“Melting Temperature Range” means the temperature range over which a polymeric substance starts to melt and then becomes a liquid or semi-liquid;
“Degradation Temperature” means the temperature at which a thermoplastic or thermosetting polymer begins to permanently lose its mechanical or physical properties because of thermal damage to the polymer's molecular chains;
“Evacuating” means reducing air or trapped air bubbles by, for example, vacuum or pressurized inert gas, such as argon, or by bubbling the gas through a liquid polymer.
“Fusion Bond” means the bond between two polymer members integrally joined, whereby the polymer molecules of one member mix with the molecules of the other. A Fusion Bond can occur, even in the absence of any direct or chemical bond between individual polymer chains contained within said members;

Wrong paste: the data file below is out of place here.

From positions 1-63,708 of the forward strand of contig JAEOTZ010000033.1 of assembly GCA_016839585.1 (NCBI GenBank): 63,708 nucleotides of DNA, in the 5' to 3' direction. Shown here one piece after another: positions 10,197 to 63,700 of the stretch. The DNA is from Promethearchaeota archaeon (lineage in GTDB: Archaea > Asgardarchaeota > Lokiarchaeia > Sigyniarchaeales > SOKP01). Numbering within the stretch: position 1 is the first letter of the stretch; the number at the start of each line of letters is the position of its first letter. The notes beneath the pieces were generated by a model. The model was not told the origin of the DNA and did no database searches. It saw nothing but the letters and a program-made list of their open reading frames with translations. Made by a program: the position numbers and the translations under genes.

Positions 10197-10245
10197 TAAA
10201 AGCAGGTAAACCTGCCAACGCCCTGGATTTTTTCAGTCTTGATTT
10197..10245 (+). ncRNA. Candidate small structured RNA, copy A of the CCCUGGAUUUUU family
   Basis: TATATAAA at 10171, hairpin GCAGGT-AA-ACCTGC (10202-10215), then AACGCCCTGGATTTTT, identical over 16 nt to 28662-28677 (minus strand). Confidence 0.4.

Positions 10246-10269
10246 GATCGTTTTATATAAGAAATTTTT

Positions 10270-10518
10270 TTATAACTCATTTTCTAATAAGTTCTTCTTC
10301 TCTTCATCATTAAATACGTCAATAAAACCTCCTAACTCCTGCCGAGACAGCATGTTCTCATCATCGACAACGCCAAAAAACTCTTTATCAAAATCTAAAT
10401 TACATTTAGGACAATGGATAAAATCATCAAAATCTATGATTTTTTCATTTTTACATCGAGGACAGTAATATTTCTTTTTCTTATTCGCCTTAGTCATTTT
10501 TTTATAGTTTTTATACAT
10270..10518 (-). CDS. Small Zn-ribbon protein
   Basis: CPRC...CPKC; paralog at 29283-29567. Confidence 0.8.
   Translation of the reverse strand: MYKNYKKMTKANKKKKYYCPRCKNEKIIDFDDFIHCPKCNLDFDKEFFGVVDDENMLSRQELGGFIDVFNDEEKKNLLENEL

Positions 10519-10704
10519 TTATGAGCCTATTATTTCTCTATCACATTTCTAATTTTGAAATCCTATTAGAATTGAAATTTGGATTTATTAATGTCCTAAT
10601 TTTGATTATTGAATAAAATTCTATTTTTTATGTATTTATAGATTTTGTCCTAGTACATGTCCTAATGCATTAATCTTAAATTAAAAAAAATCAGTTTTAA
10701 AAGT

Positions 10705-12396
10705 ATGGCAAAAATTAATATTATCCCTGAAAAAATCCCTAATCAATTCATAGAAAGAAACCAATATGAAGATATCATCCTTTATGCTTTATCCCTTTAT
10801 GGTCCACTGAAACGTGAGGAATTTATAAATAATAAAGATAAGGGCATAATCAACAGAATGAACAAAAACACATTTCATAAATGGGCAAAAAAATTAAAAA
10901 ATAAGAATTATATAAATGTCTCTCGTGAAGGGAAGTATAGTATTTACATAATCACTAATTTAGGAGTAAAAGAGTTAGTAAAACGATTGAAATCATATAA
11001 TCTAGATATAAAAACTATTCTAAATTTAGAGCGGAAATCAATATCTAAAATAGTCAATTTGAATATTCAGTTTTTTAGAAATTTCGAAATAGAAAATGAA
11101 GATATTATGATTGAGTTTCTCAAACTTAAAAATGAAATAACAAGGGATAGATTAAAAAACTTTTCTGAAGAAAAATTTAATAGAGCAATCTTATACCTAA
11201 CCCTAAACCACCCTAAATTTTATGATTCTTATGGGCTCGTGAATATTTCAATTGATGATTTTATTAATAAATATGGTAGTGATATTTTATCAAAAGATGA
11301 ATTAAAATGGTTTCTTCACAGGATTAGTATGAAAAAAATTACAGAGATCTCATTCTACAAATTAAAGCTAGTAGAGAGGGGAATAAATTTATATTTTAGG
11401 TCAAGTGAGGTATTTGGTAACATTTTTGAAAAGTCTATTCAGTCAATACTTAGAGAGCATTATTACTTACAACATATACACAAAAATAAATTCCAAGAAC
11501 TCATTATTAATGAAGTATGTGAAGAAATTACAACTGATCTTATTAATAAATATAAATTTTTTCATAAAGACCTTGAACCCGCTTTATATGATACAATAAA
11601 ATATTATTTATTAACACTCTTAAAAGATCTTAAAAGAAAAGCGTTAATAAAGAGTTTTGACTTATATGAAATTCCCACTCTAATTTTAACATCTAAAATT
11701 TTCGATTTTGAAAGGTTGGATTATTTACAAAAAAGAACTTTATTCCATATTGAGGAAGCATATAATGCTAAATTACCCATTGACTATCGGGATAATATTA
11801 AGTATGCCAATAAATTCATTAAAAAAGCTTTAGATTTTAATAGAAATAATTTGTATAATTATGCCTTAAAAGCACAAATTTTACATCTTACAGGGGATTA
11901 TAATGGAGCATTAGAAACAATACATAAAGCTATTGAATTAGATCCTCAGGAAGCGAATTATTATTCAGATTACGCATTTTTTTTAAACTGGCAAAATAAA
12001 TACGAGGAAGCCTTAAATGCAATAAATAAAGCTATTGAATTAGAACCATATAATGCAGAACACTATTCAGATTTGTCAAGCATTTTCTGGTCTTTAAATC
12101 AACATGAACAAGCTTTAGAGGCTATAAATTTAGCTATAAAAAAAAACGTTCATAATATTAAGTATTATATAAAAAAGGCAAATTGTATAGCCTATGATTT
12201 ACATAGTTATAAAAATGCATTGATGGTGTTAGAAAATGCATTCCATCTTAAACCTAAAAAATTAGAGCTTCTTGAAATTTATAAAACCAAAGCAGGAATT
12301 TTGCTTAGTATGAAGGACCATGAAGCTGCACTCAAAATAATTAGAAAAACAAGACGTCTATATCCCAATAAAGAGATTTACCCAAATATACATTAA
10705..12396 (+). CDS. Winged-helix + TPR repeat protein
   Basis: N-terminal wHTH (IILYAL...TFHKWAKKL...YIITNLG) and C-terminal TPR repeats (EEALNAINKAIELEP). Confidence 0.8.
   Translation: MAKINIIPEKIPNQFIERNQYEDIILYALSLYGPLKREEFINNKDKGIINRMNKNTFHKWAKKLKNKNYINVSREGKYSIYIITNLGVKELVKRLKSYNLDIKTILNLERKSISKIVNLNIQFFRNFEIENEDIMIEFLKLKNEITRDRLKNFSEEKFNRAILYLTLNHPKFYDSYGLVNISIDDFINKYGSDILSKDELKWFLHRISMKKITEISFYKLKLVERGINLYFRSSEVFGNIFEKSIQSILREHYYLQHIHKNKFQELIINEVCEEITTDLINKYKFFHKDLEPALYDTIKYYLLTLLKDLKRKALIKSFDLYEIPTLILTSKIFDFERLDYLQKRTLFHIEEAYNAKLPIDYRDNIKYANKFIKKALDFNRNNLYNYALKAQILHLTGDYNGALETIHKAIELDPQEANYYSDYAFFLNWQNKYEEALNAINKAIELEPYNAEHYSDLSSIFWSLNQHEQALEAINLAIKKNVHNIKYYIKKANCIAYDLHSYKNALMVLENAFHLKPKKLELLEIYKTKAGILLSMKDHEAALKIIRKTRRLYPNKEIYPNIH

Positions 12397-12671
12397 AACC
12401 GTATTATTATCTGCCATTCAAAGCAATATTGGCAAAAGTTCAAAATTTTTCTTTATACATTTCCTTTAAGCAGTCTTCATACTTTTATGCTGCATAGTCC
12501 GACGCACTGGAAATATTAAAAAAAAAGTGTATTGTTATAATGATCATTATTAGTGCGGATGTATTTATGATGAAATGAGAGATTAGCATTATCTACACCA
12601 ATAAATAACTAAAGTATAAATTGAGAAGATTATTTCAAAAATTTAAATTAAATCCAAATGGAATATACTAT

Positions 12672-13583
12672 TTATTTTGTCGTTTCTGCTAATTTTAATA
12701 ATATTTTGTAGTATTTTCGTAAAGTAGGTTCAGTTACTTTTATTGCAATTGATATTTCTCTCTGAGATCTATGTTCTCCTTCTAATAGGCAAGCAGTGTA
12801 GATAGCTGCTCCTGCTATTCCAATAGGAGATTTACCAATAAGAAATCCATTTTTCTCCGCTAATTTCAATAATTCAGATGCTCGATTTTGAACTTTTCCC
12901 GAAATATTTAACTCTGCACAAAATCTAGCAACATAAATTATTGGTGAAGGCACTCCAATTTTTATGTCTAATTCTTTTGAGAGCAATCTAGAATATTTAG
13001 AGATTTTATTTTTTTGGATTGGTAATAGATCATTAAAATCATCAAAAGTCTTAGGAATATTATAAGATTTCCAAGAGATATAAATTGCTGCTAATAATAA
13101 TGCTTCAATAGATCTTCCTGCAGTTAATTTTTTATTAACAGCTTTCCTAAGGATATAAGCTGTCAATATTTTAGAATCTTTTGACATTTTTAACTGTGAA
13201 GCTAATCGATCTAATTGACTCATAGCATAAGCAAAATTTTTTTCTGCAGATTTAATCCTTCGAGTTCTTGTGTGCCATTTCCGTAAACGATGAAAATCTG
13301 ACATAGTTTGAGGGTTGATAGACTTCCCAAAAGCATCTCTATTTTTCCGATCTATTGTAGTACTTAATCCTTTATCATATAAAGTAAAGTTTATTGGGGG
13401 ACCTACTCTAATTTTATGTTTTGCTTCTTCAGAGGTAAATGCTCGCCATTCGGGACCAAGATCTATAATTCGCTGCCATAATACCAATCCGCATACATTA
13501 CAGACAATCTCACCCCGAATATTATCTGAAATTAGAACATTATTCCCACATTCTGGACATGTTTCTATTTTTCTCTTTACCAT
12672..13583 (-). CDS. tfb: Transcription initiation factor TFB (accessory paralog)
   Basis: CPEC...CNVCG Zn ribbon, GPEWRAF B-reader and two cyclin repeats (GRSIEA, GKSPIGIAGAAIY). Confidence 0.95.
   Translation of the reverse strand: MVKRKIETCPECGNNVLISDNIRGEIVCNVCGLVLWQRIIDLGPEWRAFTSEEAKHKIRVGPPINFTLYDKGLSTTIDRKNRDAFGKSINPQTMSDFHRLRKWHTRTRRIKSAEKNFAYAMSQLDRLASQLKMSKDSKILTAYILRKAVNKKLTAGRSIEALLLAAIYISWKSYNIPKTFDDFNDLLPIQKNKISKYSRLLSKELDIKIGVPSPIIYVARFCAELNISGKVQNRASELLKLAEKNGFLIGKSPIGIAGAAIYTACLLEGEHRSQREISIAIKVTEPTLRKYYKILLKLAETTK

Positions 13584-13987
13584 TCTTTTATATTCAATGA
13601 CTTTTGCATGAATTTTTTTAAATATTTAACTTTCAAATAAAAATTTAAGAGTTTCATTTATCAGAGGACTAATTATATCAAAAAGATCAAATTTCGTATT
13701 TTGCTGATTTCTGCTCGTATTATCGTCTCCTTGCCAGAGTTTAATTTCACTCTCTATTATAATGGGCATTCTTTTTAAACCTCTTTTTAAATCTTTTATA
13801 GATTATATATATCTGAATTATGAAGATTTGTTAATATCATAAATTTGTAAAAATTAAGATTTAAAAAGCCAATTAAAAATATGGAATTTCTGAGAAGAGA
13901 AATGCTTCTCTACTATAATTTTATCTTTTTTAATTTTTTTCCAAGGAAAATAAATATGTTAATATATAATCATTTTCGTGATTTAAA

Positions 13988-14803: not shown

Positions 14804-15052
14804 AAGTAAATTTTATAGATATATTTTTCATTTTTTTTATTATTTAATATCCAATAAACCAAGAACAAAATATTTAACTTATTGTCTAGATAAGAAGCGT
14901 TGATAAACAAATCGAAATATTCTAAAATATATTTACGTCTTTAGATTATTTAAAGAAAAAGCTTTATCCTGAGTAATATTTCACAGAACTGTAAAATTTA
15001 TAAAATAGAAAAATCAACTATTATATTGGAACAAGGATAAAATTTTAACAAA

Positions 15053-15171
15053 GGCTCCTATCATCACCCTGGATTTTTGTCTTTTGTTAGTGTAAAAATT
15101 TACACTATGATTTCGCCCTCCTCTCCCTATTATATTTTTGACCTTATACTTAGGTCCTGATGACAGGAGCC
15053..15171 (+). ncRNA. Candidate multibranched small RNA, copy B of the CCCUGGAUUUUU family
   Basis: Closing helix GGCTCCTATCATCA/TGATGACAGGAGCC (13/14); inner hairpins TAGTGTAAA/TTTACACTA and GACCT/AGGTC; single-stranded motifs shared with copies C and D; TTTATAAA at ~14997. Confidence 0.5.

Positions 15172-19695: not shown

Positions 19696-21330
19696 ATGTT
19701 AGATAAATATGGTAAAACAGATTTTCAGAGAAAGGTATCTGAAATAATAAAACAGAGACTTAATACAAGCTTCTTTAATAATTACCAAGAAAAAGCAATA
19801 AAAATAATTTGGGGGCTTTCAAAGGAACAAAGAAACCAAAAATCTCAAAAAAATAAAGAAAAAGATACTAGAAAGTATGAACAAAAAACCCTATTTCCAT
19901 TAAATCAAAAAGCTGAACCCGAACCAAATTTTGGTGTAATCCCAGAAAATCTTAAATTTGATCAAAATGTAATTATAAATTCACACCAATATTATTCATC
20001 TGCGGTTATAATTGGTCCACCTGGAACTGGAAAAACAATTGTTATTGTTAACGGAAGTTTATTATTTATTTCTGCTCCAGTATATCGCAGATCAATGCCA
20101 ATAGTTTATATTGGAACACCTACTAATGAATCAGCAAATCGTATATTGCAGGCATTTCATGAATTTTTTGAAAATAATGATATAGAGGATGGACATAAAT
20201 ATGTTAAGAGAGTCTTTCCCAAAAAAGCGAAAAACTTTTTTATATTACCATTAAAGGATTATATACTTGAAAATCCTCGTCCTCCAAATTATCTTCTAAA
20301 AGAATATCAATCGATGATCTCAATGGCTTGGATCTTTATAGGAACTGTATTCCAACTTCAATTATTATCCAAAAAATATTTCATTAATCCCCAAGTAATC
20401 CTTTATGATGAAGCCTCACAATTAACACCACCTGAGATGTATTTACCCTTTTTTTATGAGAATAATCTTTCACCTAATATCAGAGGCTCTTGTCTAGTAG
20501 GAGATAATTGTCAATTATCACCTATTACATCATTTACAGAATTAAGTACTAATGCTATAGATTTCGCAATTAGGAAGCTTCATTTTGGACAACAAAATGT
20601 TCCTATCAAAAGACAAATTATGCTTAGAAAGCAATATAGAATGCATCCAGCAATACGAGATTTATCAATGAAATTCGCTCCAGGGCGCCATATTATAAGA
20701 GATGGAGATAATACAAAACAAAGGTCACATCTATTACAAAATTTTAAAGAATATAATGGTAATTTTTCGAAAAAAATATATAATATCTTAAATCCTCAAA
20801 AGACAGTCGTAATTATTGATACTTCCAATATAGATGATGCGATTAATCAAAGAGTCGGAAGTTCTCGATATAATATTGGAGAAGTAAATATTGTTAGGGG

“Fusion” means the physical flowing of a polymer, hot or cold, caused by heat, pressure or both;
“Electrofusion” means to cause a portion of a polymeric material to flow and fuse by resistance heating;
“Stress Relief” means reducing internal stresses in a polymeric material by raising the temperature of the material or material portion above its stress relief temperature, but preferably below its Heat Deflection Temperature.
With reference to the Figures, and particularly FIGS. 1-3B thereof, there is shown a first rod-shaped embodiment of a heating element 100 having an elongated shape of about 3-10 inches in length and about 0.25-2 inches in diameter. The preferred heating element 100 may include a regulating device for controlling electric current. Such a device can include, for example, a thermistor, or a thermocouple, for preventing overheating of the polymeric materials disclosed in this invention.